I have a confession to make. I was a nerd in school.
From a young age, before cliques were even a thing, I was a nerd.
Throughout high school, I was that student. I worked my butt off, took all of the hardest classes, and won scholastic awards on a regular basis. Because of this, I always fantasized about myself excelling. While I was often adorned with praise and accolades, I imagined getting them even more often. I would complete an assignment in class and imagine the teacher complimenting me. Someone had to be the best. Why not me?
But something changed when I started college. Impostor Syndrome set in.
Now I honestly couldn’t tell you if this was due to the fact that I was no longer definitively the intellectually highest ranked person in my classes or if it was my very difficult personal transition into college, but my confidence started to sink. While I still had to work hard to succeed in high school, my success was guaranteed. I got good grades. It was just what I did. It was part of my identity.
In high school, I needed to work hard, but in the end, I knew I could be the best if I wanted to be. College, of course, was a different story entirely. I’m sure that it comes as no surprise to you that college is harder than high school. In high school, at least for me, a passing knowledge in something and some elbow grease could get you an A. In college, you actually had to, you know, understand how things work. Coasting by on a decent essay and some lack-luster studying wasn’t cutting it anymore.
Somewhere along the way, I seemed to have equated working hard on something (and possibly failing at that something) with stupidity. I would never be able to succeed in Organic Chemistry, so why even try? If I didn’t try, then I couldn’t really say that I failed, right? In college, it dawned on me that succeeding in the world would take a lot of work. And in reality, it was a lot more work than my depressed and sleep-deprived self was willing to put in.
I started realizing that studying for certain classes had a point of diminishing returns. Was it worth that extra four hours of studying for only two extra points on a test? Probably not. However, I was taking this to extreme measures — trying to justify as little work as possible to keep myself from trying “too hard” and leaving myself vulnerable to feelings of failure. I’ve found that this is actually my standard pattern for changing my behaviors. I allow myself to go from one extreme to the other. Unfortunately, this only helps if I eventually find balance between the two sides of myself.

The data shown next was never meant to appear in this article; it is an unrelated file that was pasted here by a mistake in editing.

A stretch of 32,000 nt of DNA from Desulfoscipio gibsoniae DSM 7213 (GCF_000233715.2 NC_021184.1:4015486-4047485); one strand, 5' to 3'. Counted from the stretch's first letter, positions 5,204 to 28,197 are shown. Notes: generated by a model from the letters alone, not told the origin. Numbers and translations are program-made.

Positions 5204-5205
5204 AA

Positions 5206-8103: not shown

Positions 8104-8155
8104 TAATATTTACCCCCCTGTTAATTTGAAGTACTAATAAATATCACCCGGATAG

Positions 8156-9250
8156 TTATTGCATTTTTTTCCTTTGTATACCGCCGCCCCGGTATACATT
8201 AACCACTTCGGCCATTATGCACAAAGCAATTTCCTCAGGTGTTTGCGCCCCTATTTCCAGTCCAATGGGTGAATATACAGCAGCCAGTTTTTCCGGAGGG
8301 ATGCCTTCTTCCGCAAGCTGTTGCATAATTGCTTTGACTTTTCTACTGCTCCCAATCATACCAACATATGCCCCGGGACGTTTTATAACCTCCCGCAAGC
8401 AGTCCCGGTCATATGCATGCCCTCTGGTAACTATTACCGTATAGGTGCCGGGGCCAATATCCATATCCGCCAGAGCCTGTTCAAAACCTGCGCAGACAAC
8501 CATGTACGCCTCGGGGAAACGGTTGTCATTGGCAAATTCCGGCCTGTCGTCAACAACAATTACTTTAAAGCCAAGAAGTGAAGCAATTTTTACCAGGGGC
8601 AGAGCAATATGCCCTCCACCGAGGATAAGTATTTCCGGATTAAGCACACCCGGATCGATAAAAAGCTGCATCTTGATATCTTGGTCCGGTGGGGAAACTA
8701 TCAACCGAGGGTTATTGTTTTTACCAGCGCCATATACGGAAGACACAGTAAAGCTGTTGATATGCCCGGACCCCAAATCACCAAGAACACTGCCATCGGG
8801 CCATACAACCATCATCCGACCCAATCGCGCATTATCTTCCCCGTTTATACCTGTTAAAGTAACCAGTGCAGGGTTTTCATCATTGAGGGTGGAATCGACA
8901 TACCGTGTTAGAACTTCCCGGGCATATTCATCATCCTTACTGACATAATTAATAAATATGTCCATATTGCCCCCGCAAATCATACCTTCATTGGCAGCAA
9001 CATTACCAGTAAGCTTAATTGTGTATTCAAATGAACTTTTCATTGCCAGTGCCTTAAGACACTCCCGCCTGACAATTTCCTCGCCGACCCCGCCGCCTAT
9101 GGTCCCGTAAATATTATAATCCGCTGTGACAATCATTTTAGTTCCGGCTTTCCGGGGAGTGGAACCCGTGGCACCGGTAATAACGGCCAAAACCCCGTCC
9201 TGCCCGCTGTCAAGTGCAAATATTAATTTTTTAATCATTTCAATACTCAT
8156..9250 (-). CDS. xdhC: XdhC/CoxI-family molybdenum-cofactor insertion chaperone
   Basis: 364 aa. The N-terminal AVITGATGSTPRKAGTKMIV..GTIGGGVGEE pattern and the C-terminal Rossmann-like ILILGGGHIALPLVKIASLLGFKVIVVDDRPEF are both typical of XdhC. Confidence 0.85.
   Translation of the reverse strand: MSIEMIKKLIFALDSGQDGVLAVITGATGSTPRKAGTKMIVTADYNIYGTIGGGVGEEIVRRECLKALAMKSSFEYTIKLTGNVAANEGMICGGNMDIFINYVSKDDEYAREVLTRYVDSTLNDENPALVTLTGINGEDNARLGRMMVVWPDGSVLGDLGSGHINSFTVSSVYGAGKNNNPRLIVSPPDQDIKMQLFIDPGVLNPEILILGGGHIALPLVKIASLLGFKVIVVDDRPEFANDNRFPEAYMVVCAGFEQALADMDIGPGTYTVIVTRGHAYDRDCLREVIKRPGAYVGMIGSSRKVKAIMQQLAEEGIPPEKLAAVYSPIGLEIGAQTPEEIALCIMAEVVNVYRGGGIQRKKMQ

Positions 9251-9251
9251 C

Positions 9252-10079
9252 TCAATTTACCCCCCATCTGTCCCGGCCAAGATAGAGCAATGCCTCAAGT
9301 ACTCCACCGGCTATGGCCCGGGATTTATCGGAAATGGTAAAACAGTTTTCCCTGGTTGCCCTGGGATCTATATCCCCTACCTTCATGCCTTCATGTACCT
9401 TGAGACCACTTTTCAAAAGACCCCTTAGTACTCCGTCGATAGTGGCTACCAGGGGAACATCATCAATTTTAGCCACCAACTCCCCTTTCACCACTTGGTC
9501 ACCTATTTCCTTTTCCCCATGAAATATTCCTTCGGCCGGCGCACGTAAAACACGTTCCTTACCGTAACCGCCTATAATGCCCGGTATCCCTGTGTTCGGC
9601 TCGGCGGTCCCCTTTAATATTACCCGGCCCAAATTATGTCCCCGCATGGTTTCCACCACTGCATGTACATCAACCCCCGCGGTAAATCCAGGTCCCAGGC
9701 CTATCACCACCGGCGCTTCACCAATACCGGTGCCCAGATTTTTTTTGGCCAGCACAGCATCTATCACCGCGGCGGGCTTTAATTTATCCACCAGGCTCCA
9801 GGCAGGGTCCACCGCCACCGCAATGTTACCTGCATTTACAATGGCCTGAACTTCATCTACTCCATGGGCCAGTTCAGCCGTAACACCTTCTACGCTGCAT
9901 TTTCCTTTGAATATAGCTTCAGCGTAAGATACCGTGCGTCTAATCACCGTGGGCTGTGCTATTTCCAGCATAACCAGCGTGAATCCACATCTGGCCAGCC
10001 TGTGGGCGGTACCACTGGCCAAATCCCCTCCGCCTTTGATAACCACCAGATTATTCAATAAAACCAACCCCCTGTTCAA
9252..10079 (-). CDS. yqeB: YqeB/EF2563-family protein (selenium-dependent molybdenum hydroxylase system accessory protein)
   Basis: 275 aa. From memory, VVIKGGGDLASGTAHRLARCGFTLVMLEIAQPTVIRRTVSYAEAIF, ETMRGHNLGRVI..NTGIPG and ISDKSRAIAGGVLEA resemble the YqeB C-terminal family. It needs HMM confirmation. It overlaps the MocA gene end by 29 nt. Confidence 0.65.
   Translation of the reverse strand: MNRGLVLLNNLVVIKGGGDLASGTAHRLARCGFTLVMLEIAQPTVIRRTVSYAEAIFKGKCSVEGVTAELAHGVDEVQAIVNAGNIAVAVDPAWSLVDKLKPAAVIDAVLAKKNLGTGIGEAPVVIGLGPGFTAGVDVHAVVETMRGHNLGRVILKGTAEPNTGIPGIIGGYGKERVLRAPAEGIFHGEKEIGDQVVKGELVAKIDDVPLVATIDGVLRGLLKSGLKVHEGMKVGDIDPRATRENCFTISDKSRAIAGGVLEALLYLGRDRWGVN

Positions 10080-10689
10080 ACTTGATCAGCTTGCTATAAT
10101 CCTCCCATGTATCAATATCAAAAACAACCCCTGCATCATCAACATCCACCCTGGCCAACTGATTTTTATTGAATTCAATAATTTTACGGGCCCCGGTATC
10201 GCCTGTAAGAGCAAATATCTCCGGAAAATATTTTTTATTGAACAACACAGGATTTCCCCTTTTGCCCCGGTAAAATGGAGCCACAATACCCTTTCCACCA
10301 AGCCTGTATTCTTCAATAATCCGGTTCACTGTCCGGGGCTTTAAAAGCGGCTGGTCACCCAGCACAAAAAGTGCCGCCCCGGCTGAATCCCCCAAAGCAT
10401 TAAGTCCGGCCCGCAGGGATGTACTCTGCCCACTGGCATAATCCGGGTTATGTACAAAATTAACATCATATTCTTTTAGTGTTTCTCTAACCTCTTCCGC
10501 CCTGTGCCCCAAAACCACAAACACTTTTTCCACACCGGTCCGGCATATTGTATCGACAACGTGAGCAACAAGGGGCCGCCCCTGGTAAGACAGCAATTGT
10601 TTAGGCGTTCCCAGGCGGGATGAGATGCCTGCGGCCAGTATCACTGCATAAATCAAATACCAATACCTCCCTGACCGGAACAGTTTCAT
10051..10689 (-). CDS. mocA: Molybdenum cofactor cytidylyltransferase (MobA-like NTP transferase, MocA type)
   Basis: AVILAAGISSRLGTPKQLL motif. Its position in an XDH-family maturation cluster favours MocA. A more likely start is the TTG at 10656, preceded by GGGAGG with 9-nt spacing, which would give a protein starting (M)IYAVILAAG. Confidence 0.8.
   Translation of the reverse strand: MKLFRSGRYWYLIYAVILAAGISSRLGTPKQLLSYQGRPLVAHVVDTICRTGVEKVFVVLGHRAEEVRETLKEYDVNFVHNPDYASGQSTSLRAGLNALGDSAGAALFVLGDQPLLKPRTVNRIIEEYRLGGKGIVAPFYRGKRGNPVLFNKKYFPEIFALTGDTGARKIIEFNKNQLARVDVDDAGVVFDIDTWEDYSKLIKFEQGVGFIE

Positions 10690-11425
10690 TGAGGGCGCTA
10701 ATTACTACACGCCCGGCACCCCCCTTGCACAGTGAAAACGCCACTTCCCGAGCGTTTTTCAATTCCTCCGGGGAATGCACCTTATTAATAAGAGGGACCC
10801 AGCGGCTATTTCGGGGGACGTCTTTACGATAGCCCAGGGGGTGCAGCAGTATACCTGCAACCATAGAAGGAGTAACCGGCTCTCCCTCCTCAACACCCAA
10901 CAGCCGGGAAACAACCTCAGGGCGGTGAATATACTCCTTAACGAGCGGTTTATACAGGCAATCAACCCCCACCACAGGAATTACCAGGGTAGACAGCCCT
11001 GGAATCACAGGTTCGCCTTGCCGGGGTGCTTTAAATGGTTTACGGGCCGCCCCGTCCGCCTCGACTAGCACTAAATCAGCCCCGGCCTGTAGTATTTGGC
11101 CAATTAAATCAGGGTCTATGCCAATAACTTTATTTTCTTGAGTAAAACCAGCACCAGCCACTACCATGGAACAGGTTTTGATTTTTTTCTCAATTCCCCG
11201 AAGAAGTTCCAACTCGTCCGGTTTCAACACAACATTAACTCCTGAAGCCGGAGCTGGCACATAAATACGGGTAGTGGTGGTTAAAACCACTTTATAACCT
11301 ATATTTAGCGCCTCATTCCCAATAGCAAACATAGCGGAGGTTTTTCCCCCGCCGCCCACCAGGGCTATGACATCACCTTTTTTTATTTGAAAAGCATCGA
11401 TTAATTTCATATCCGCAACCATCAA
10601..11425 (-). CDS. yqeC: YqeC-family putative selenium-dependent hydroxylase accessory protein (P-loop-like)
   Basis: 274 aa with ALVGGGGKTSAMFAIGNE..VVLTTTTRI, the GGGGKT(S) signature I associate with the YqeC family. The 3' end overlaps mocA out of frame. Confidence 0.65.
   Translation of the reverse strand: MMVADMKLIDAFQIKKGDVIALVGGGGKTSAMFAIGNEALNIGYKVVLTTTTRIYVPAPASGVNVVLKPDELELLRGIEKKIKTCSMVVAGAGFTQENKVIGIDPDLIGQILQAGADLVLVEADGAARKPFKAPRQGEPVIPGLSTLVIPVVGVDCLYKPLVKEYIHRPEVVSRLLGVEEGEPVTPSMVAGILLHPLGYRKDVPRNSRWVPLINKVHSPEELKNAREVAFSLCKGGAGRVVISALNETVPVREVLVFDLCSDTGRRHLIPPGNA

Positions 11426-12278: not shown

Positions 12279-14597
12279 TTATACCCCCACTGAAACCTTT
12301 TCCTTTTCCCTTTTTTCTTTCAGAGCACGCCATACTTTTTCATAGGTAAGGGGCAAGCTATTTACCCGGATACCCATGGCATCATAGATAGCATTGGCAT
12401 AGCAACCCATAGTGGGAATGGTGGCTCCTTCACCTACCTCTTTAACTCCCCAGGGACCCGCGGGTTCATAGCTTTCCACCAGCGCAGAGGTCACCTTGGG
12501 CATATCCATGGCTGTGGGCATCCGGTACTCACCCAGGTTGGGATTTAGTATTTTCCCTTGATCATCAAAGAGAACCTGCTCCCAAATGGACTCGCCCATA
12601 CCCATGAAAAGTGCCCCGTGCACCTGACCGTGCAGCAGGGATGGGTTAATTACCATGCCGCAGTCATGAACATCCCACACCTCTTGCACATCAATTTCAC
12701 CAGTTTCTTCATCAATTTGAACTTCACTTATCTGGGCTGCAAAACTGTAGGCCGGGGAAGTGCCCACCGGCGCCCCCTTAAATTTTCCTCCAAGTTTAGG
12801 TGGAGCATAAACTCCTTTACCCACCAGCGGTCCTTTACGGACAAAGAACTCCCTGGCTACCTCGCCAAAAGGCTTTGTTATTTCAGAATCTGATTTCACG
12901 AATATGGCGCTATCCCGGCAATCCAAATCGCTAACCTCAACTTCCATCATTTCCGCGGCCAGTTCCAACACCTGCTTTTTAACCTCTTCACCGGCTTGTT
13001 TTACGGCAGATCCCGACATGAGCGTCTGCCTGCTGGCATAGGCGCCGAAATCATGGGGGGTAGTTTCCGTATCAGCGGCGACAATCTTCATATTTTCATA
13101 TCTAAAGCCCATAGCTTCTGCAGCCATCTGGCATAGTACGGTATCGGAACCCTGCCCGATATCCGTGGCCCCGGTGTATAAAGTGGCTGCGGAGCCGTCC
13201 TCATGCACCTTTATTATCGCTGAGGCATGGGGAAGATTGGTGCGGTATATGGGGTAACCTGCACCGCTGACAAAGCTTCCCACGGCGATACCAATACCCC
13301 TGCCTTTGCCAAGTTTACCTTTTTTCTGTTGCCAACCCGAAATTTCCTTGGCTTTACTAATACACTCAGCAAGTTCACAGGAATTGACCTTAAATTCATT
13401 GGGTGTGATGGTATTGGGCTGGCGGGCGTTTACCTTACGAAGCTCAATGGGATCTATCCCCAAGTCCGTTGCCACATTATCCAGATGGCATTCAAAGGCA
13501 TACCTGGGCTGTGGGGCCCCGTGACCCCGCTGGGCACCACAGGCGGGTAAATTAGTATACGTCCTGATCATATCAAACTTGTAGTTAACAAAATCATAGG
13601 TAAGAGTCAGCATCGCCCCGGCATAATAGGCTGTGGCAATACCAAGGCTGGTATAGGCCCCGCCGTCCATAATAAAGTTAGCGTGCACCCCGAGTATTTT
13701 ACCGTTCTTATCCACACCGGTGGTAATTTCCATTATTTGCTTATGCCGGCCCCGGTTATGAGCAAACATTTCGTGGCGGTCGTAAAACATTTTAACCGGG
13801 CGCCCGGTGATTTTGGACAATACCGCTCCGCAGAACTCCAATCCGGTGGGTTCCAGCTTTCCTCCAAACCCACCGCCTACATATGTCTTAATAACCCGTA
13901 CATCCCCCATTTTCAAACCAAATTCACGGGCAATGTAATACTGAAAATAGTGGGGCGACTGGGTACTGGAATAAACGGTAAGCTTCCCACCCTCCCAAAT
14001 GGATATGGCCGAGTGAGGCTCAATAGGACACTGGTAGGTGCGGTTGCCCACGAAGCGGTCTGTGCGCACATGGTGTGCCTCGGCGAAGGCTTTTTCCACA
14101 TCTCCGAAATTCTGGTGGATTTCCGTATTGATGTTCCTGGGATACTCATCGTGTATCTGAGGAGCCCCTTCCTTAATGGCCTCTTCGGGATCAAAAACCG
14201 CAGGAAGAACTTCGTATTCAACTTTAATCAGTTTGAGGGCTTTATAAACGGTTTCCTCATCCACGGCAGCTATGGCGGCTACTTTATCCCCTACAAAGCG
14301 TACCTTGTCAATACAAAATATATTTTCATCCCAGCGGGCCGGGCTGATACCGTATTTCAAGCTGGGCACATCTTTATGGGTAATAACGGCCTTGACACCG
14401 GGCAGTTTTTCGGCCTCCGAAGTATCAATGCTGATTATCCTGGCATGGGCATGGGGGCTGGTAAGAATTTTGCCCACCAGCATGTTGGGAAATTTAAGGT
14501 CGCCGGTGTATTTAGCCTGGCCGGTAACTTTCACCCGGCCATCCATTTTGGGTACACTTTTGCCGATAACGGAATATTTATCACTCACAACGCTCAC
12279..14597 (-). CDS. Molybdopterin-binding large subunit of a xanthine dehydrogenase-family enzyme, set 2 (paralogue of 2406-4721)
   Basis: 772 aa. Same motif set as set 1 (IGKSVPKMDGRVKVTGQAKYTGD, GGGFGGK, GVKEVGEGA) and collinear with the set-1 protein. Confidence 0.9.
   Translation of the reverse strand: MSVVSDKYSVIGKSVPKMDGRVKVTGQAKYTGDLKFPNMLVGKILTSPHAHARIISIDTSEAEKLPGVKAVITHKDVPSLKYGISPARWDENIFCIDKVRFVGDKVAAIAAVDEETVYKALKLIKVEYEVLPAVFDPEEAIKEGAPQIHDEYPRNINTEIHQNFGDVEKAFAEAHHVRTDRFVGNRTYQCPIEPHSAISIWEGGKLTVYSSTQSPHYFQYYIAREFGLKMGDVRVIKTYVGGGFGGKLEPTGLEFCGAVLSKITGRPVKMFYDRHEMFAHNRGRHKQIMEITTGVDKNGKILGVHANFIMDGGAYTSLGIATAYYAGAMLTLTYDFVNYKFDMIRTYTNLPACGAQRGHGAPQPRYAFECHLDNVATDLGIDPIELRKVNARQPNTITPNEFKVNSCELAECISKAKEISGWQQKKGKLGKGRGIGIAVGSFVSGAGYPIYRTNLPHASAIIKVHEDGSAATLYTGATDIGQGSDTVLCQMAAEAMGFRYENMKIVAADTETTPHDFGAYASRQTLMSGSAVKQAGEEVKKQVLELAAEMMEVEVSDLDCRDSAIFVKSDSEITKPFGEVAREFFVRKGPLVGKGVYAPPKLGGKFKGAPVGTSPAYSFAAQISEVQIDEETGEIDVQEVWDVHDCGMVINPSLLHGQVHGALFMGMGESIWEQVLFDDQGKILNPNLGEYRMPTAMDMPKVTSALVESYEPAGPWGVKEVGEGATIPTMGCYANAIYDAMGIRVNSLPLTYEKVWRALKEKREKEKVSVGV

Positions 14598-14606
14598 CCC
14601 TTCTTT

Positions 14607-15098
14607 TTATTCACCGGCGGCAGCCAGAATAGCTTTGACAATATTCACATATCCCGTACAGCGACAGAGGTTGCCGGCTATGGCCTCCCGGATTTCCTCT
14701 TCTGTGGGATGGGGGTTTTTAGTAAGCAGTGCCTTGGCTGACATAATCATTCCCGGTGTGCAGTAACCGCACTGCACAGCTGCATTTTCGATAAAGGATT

Another example would be the personal work I’ve done to become more empathetic. In college, I realized that I truly admired my loved ones whom I thought to be most empathetic. I hadn’t been a very empathetic person previously, so I tried to emulate them — to see the world through other people’s lenses more regularly. But somewhere along the way, instead of being considerate, I became afraid of hurting other people’s feelings. I stopped having self-empathy and started giving everyone else a pass while I berated myself for every little thing. After years of trying to become a more empathetic person, I went from being a bully to a pushover.
In the end, I made it through college fine. I graduated with honors in the French department and successfully completed both of my majors and minor. I was happy with my practically mediocre grades, but the mindset that I developed in college has had a lasting effect on me.
A few weeks ago, my manager handed me an assignment, and I automatically assumed that I would mess it up. Seriously, without even looking at it, I just felt in my soul that I wouldn’t be able to complete it. Had I shown previously that I was able to complete similar projects? Yes. Had my manager commented several times on my expertise in completing such projects? Yes. Still, I was so sure that I would not be able to successfully complete the task that had been handed to me.
For the first time in a long time, I evaluated this negative train of thought. I had spent basically my entire working life assuming that I was incompetent, so this lack of self-confidence hadn’t really raised any red flags previously. As I sat back and evaluated my thought processes, I thought back to high school, about how I used to assume that I would be the best and succeed. Where did that girl go?
I can look anyone in the eye and tell them that I know that I’m a good writer, but I still desperately seek validation from proofreaders. I have proven time and time again that I can analyze complicated concepts, but I often find myself purposefully keeping my mouth shut to keep from embarrassing myself. If I were to tell you a fact that I knew was irrefutable and you refuted me, I would immediately assume that I was wrong, even if I knew I was right!
My confidence is just gone.
One thing that I know has been sapping my confidence is my relatively new position at work. Every other position I have held at my company has been a bit more routine, and while I still assumed that I wasn’t great at it, I believed that I was just as good at following a routine as anyone else.